(Please see our update at the bottom of this post.)
On Monday night, President Trump tweeted an insult at North Korean dictator Kim Jong-un for not having anything better to do than launch missiles (which he did on Tuesday morning, North Korea time). Well, the missile in question landed close to 600 miles away in the sea between Japan and North Korea, and further analysis by military officials and scientists say that the duration and trajectory of the missile could suggest something terribly dangerous. That is to say, this could have been North Korea’s first successful launch of an intercontinental ballistic missile (ICBM), which is exactly what Pyongyang is claiming happened as part of their enduring efforts to reach not only U.S. military bases in Japan but also the U.S. mainland.
North Korea has embellished their missile and nuclear prowess on several occasions, but the New York Times has more on the trajectory and points out that the U.S. initially believed this was not an ICBM, but given that Korean State TV is claiming that the missile reached 1,741 miles in altitude, further analysis will be ongoing:
The announcement came hours after a launch that the United States military said had sent the missile aloft for 37 minutes. That duration, analysts said, suggested a significant improvement in the range of the North’s missiles, and it might allow one to travel as far as 4,000 miles and hit Alaska.
In an initial statement, the United States Pacific Command described the weapon as an intermediate-range missile rather than an intercontinental ballistic missile. But South Korean and Japanese officials said they were studying the data to determine if it was an ICBM.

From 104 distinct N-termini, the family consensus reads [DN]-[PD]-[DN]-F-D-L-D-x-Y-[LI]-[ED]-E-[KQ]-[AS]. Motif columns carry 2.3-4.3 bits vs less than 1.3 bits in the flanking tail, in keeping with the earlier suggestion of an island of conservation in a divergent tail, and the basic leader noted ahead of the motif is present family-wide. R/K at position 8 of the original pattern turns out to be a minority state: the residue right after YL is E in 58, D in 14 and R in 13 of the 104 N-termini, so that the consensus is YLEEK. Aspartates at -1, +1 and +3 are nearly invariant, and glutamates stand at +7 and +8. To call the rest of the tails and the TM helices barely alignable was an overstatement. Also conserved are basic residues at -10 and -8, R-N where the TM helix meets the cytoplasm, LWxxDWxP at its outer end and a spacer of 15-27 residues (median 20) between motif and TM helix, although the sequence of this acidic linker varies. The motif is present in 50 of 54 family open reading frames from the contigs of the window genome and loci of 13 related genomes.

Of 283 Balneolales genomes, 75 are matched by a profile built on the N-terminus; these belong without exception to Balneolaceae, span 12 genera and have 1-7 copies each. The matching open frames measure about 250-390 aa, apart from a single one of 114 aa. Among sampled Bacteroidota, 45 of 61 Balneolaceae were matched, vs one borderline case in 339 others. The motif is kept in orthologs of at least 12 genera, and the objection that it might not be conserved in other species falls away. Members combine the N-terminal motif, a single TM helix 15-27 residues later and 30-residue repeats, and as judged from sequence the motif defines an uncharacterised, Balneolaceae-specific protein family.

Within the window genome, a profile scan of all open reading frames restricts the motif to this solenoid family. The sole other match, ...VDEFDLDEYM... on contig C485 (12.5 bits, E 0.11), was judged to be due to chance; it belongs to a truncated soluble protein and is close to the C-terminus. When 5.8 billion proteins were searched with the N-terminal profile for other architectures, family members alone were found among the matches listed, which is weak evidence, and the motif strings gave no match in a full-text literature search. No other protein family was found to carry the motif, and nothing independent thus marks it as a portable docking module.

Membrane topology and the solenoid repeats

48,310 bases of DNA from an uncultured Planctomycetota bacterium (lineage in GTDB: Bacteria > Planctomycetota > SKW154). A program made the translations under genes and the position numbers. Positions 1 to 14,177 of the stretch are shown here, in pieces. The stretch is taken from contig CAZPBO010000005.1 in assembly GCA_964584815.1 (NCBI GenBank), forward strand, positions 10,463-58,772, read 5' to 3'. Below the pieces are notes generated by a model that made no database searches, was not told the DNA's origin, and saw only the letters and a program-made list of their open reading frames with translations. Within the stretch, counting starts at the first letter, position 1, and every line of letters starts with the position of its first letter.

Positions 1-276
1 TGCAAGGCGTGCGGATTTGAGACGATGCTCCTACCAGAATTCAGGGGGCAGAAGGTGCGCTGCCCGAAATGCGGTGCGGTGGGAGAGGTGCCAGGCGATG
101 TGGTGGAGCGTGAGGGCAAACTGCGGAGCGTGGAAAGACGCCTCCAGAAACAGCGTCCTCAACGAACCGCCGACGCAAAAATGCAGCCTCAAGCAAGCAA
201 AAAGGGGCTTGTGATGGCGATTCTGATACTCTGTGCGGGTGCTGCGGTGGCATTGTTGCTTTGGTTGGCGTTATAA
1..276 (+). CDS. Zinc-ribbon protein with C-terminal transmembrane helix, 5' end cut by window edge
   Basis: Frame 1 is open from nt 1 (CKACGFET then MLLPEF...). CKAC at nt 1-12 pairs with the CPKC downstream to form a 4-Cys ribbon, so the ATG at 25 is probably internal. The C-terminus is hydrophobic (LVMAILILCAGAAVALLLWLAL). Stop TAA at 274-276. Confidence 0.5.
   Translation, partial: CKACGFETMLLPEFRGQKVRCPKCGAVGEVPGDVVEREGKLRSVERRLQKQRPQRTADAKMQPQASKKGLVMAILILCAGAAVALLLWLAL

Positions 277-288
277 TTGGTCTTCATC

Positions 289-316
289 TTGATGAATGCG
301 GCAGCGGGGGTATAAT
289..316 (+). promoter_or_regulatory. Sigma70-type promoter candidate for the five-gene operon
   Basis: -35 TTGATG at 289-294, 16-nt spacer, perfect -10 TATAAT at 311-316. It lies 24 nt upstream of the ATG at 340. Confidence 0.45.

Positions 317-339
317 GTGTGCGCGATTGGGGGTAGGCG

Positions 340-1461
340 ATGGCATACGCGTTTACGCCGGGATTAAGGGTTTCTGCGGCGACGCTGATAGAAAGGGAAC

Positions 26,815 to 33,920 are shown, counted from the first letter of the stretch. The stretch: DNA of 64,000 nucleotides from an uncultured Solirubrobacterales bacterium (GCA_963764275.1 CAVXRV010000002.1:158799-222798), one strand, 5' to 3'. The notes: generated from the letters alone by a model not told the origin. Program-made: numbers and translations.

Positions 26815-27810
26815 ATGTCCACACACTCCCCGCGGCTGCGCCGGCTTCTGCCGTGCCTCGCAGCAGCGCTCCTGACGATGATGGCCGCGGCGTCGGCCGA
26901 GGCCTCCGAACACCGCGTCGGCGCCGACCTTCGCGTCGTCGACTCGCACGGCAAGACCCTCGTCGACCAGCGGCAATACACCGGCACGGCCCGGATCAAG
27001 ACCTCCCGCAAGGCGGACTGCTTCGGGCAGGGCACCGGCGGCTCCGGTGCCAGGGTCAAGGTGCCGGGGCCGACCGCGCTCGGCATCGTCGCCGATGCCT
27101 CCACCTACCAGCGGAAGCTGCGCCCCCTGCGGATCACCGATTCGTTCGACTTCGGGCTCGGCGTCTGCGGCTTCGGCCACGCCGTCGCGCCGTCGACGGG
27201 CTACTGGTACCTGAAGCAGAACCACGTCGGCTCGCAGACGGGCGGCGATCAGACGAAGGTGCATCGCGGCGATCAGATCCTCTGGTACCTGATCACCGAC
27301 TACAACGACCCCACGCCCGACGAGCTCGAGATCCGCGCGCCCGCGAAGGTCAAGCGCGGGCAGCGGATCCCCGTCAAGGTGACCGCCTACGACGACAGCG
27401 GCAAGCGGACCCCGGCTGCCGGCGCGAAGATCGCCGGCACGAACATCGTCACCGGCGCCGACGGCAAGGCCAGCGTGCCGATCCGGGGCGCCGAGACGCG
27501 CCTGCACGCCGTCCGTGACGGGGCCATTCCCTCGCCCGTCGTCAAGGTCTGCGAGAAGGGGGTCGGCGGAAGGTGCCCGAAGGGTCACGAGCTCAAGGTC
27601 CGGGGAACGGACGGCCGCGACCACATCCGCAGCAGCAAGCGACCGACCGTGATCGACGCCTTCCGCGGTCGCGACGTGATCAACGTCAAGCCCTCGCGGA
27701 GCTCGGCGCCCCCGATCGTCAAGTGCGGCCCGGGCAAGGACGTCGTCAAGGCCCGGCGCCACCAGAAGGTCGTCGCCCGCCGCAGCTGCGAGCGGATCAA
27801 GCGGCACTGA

Indeed, the claimed altitude would qualify as a record for North Korea and point toward significant advances in their missile and nuclear programs. The timing of the launch (July 4, obviously) may also be no coincidence, since Kim Jong-un often puts his defiance toward the U.S on maximum display, and North Korea’s foreign ministry recently claimed that North Korea is “the biggest victim” in ex-detainee Otto Warmbier’s “mystery” death.
In addition, this missile test has occurred mere days before the Group of 20 summit in Hamburg, Germany. At this event, President Trump and other world leaders were slated to discuss Kim Jong-un’s nuclear programs — after Trump slammed China‘s efforts to pressure North Korea (with Trump saying, “It has not worked out”). Chinese President Xi Jinping will attend the G-20 meeting, but he recently complained about “negative factors” in relations between the U.S. and China, so this summit should be a tense one. (Plus, Trump’s meeting with Putin in a formal sit-down meeting. Fun!)
CNN reports that U.S. military officials gathered for an emergency July 4th meeting to hash out what tactics will be taken if North Korea indeed successfully tested an ICBM. However, it’s currently understood that the country hasn’t yet developed nuclear warheads that are compact enough to fit on one of these missiles. Surely, they’re working on that capability, too.